Botswana Oil expands storage capacity for fuel security.

Botswana Oil Limited (BOL) is undertaking three key storage facilities projects that will see the country growing its storage capacity and increasing security of supply for the country significantly to over three months’ cover when all completed by 2027, with the first among them due for completion in December 2024.


The Francistown Government Reserve Strategic Depot Expansion is an ongoing project to expand the bulk petroleum storage depot in Francistown by 60 million litres from the current 38 million litres. The Project entails construction of the tank farm, road loading & offloading gantry, and an office building. This is a P1.1bn project funded from fiscus and has been planned for completion in December 2024.


The Ghanzi Government Reserve Strategic Depot Project entails the construction of a 60-million-litre bulk petroleum storage depot near Turn 44 along the Mamuno road, during Phase 1. It also includes construction of offices, staff houses, road loading and offloading gantries, tank farm and other associated infrastructure developments. This is a Botswana Government funded project at over BWP 720 million. Phase 1 of this project is planned for completion in December 2024, after which plans to construct a further 30 million litres tank farm will commence.


Another project on a large scale with multifaceted elements is the Tshele Hills Oil Depot Storage. It entails the design, financing, construction, operation, maintenance, and transfer of a 187 million litres petroleum storage facility at Tshele Hills near Rasesa.  Once complete, it will comprise a tank farm and associated infrastructure. This is a BWP 3 billion project planned for completion in 2027. BOL will work with the requisite Government agencies to structure a Public Private Partnership (PPP) agreement with a suitable private partner through a Special Purpose Vehicle (SPV) that will provide the required funding to complete the works at Tshele Hills.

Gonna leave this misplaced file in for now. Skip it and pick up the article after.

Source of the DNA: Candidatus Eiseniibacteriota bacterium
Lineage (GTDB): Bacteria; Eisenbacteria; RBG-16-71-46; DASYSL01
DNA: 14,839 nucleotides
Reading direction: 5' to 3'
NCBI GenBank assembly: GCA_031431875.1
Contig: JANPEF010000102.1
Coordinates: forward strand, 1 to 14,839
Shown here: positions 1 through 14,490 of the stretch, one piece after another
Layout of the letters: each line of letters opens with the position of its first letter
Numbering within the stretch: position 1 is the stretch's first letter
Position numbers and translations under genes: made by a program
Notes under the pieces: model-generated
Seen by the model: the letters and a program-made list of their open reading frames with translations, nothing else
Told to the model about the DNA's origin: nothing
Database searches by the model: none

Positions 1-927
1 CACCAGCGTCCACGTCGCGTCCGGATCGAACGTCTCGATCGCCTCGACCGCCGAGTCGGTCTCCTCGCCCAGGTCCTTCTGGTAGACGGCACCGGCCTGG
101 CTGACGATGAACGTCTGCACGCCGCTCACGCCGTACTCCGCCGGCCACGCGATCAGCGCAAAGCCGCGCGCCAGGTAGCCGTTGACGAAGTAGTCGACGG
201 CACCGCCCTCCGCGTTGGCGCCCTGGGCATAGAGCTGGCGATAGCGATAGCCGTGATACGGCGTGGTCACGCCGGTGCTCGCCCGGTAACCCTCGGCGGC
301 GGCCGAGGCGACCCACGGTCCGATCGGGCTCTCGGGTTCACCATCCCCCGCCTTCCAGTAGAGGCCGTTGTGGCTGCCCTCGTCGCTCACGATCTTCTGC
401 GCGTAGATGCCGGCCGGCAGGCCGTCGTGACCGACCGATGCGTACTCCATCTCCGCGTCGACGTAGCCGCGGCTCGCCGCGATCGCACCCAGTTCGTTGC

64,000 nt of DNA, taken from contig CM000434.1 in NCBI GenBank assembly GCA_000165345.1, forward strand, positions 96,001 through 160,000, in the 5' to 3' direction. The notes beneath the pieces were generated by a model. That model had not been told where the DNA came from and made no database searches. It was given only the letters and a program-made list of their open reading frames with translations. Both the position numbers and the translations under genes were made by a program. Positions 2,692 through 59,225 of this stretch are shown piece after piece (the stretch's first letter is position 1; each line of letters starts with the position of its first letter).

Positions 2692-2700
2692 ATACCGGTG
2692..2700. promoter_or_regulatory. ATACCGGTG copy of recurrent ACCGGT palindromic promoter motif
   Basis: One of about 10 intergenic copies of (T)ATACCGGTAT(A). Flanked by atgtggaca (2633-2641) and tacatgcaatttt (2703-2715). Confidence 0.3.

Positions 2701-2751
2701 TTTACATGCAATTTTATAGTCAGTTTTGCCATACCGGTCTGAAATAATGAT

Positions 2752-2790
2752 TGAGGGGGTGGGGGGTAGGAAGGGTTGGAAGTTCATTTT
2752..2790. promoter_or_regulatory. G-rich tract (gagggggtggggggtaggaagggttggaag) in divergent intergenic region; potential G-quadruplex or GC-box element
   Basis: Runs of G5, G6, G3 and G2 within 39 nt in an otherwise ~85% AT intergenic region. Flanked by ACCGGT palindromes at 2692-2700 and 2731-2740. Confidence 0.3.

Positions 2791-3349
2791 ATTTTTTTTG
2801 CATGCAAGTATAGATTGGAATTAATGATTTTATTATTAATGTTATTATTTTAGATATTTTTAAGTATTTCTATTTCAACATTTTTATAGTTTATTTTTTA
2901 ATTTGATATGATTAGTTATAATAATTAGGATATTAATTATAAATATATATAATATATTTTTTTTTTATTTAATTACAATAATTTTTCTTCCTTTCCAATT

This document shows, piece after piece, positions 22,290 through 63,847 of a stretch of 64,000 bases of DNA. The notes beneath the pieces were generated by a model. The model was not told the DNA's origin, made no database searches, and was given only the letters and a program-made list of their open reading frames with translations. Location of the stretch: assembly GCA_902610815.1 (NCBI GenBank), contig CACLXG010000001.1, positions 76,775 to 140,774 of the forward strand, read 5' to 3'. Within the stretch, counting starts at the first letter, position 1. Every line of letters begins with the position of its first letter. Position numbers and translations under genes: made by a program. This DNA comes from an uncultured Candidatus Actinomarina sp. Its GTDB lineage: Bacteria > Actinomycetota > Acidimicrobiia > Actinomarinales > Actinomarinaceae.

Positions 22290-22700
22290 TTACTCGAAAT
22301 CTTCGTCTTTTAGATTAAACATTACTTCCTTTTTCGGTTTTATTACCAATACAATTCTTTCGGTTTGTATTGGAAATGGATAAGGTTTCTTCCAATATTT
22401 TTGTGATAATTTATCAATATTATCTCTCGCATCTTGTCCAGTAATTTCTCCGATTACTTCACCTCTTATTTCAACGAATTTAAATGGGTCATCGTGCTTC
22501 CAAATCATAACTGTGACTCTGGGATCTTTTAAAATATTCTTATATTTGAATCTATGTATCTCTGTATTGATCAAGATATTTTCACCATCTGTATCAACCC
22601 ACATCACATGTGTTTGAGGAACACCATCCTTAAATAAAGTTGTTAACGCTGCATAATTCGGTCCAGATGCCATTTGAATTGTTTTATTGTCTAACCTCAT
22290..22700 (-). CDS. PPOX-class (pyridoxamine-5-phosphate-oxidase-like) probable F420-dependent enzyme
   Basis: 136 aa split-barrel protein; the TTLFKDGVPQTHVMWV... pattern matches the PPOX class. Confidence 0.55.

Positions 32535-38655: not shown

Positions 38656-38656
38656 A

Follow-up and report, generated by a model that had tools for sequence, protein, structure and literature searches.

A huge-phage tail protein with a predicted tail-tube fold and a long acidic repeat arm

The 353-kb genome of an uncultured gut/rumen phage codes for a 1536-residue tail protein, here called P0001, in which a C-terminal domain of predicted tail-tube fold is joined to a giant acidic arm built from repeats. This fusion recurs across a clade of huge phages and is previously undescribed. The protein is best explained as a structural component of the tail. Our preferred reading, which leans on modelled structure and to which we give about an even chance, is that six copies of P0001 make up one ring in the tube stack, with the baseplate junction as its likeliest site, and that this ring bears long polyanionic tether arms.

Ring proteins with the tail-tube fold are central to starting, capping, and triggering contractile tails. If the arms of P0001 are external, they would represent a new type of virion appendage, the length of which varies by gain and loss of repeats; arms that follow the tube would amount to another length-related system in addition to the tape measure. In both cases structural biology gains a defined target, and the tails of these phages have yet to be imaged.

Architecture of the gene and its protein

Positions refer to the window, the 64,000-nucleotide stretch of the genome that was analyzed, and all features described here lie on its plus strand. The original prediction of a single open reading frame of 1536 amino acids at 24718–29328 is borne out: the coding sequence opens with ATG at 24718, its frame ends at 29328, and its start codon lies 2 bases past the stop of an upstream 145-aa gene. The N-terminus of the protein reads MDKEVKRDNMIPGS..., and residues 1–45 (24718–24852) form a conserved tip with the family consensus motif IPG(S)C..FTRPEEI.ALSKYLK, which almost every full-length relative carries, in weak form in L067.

The scope is to Design, Finance and Build a Depot at Tshele Hills, including a tank farm, gantries, offices, services, and staff houses over a period of two years from inception; to further Operate and Maintain the Fuel Storage facility for the duration of the project period and transfer the facility to the MME at termination or expiration of PPP Agreement at the end of the planned 20–30 years operational period.


BOL has been aware of the concentration risk faced by Botswana because of heavily relying on the Republic of South Africa (RSA) for fuel imports and the risk’s impact on security of supply. This knowledge has informed current strategies that are in place and being implemented, as well as being built upon for future expansion.

“The company’s supplier base has been actively and intentionally diversified over the past years, with the number of suppliers outside RSA having grown significantly over the past year,” said Botswana Oil Limited General Manager—Supply, Onkutule Masima.

“BOL has not only diversified away from RSA as a country, but has at any given time had a minimum of three or more suppliers active in Namibia and a similar number in Mozambique. As a result, BOL has not only diversified its routes but has gone further to expand its supplier base in each of the routes to manage concentration risk and enhance security of supply for Botswana.”


BOL has been growing tremendously in terms of both human resources, the expertise and diversity of the skills they bring, and by extension its fitness for purpose as an organization. This has seen the company increase its volumes by over 65% during the last financial year and break ground for some of its key projects, notably in storage development.

Looking ahead, and 2024 in particular, BOL will commission the road loading and offloading gantry at the Francistown depot to enable smooth servicing of its clients before progressing later in that year to commission the additional 60 million litres storage currently under construction.

“Regarding project implementation, BOL is also on track to deliver the Ghanzi Depot, a green field development, after the Francistown depot expansion commissioning and by delivering these two projects the company would have more than doubled the country’s strategic days cover for fuel,” said Masima.  

“In terms of challenges, the reduced refining capacity around the world as well as regionally, on the backdrop of geopolitical conflicts, fears, and concerns by investors on carbon fuels, remain top of mind for us to navigate and build contingencies for business continuity.”

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